Open Spaces A facilitation technique for breaking into smaller groups to discuss and focus on topics of interest through self-organization. To provide a a way to break into sub-groups to focus on ideas or problems when the entire group may not be interested in every topic.
De-scaling A technique for restoring order to a Nexus that is struggling with scaling problems by reducing the number of teams. To provide ways to simplify problems arising from having scaled poorly or unnecessarily, especially situations in which the sheer numbers of people involved have become destabilizing.
Scrumble A technique equivalent of "pulling the andon cord"; stopping work and descaling until stability can be restored to the Nexus. To deal with a situation in which the Nexus has become incapable of doing useful work, and all work needs to stop until order and coherency can be restored (if possible).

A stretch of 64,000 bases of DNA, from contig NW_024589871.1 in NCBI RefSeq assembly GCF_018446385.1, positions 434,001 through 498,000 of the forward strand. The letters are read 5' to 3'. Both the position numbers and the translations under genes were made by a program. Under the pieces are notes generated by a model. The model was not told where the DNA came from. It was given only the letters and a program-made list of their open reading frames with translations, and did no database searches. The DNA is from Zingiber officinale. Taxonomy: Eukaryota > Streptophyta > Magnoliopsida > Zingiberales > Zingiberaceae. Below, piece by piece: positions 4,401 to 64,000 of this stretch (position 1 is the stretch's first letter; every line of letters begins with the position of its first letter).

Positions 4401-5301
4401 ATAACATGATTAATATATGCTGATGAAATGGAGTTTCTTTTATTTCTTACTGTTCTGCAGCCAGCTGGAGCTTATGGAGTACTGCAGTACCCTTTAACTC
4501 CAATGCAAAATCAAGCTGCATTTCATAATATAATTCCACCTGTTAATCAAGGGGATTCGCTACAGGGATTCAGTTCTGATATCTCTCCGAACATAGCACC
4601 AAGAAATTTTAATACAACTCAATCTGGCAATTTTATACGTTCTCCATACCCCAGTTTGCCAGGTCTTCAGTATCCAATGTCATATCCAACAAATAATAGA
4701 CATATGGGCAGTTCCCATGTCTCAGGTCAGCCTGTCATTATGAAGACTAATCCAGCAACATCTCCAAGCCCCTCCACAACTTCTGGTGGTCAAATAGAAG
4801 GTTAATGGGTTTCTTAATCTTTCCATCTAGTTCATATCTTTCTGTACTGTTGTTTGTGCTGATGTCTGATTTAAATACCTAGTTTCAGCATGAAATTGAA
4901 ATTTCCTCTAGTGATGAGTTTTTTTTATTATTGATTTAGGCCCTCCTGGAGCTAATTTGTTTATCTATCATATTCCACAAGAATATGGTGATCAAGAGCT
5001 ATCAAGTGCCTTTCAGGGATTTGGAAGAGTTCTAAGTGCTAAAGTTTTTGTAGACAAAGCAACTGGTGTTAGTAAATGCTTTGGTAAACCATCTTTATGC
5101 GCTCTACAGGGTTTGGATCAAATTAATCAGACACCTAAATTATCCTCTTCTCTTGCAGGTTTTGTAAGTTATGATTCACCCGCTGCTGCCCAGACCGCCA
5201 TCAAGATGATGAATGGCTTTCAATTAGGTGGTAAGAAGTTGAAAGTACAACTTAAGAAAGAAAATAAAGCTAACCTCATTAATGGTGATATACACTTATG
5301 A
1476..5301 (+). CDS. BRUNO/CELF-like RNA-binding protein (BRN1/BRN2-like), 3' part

Distributed Teams Travel An approach for improving cohesiveness and building stronger working relationships with distributed teams. To improve and increase cross-team collaboration by building personal relationships and creating a shared culture across distributed teams.
Distributed Tooling A technique for using technology to improve the ability for distributed teams to work together. To make distributed collaboration more effective through the appropriate use of distributed collaboration technology.